Pssst. …need a couch? One is available on the Ship Canal Bridge. I don’t vouch for its quality. twitter.com/wsdot_traffic/…
— WSDOT Traffic (@wsdot_traffic) February 21, 2013
You snooze, you lose. Some guy just dead lifted the couch into his truck. He really, really wanted it. twitter.com/wsdot_traffic/…
— WSDOT Traffic (@wsdot_traffic) February 21, 2013
Six aspiring film students will carry the Oscar statuettes onstage this year, replacing the usual models. The show’s producers decided to put more meaning into the task than that of aesthetics (or, as they actually said about the models ”they’re just there to be objectified”). Six students were picked out of 1,100 applicants who submitted essays and videos. The selection looks to be nicely diverse with students who hail from other countries and a Marine Corp veteran.
It’s my ninth year of stalking the origins of the Rockefeller Christmas tree using online maps. This year’s Norway Spruce grew up in Flanders, New Jersey. It’s 80 feet tall, 50 feet in diameter, and was still standing strong in Joseph Balku’s yard, wrapped with 10,000 feet of rope and 2,000 feet of cable, after Hurricane Sandy blew through. A couple weeks later, after a careful crane-assisted removal and drive to Manhattan, it was wrapped in five miles of wire with LED lights and topped with the usual Swarovski star for New Yorkers and tourists to enjoy.
I have this joke that Paul Allen has these huge garages where he puts the things he collects and when one fills up he opens a museum for it. That got us the Experience Music Project, Science Fiction Museum, Flying Heritage Collection, and, OK, the Seattle Cinerama never fit in a garage but it counts in spirit. Now Allen has opened the Living Computer Museum. “Living” because it’s not a bunch of dead boxes on display with unpowered CPUs. The computers are powered on, to a huge electricity bill, but a wonderful trip to the near past. Use a working Xerox Alto, write that infinite GOTO BASIC program again on the TRS-80, and look at the innards of a PDP 8. Photos and a trip report on Seattle Retro Gamer. AP article.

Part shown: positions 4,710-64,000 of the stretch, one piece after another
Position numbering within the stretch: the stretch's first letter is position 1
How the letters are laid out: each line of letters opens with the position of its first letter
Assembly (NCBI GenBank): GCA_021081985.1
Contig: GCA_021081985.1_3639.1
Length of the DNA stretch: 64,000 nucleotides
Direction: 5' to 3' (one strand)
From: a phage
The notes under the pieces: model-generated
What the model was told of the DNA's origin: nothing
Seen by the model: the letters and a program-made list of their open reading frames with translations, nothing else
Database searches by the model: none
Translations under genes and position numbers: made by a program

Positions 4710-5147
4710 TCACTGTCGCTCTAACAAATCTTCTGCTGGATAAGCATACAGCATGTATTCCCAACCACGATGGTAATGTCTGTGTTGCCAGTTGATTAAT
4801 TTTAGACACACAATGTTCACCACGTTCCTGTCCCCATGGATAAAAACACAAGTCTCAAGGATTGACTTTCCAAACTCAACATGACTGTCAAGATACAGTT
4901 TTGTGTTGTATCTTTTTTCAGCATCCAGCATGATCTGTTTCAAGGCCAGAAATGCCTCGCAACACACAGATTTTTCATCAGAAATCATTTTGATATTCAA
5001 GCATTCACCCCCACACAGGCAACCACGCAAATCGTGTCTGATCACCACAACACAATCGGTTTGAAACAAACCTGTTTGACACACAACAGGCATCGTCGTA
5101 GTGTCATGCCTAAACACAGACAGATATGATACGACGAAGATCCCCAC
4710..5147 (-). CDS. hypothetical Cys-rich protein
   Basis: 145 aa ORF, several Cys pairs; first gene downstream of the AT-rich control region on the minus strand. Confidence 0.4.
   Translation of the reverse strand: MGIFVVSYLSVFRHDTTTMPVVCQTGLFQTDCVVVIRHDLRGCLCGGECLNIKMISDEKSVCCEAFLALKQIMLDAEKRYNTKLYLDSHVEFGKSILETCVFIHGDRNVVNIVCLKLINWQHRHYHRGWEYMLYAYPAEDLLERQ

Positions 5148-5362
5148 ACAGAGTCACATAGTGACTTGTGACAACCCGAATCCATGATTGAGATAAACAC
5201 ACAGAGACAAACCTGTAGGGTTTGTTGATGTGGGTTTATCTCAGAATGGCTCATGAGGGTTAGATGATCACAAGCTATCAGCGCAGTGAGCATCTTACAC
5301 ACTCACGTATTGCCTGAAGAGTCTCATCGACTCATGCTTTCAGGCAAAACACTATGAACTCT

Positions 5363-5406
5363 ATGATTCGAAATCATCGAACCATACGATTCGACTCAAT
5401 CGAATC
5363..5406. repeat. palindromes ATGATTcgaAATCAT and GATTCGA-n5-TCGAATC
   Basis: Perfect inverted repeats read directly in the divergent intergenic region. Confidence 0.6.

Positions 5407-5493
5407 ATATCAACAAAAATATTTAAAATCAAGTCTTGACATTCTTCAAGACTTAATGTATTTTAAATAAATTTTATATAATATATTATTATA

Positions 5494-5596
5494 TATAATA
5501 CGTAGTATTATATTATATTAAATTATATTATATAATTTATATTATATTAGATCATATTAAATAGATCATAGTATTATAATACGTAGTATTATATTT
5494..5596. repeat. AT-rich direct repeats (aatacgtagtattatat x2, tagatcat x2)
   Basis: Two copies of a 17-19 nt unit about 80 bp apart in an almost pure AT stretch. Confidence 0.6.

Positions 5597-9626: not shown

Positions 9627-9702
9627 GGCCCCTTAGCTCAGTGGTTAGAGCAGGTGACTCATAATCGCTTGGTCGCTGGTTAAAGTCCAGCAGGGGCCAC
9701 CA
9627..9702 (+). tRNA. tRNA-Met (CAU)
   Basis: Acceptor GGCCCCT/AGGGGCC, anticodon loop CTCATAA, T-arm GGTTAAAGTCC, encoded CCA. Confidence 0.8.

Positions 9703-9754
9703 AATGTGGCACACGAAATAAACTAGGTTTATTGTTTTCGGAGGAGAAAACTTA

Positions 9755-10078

Coca-Cola cost a nickel for 70 years because of a short-sighted deal that gave two lawyers the rights to bottle Coke and buy syrup at a fixed price forever. When bottled Coke took off, the Coca-Cola company massively advertised 5 cent Cokes to sell as much syrup as possible. They wouldn’t get more money if the price rose anyway so they decided to push selling as much Coke as possible at that great price. Then vending machines built to take a nickel became another sticking point for raising the price. Raising it to a dime was too much, and the U.S. Treasury wouldn’t make a 7.5-cent coin. Eventually, inflation and a re-signed bottling contract made way for higher prices. But 70 years is a long time for 5 cents.
In Peter Gabriel’s talk at Google he explains to the digital generation audience why “In Your Eyes” couldn’t go at the end of the original vinyl “So” album as he wished. It’s a lesson in a different type of technical limitation.
It has a good bass line there. To get a fat bass line on a full vinyl record you can’t put it near the end. You had to have it nearer the beginning. So it went on the start of side two just because there wasn’t enough room for the needle to vibrate as it got closer to the center. So then when CDs came along I was able to take that track and put it on the end where it always should have been.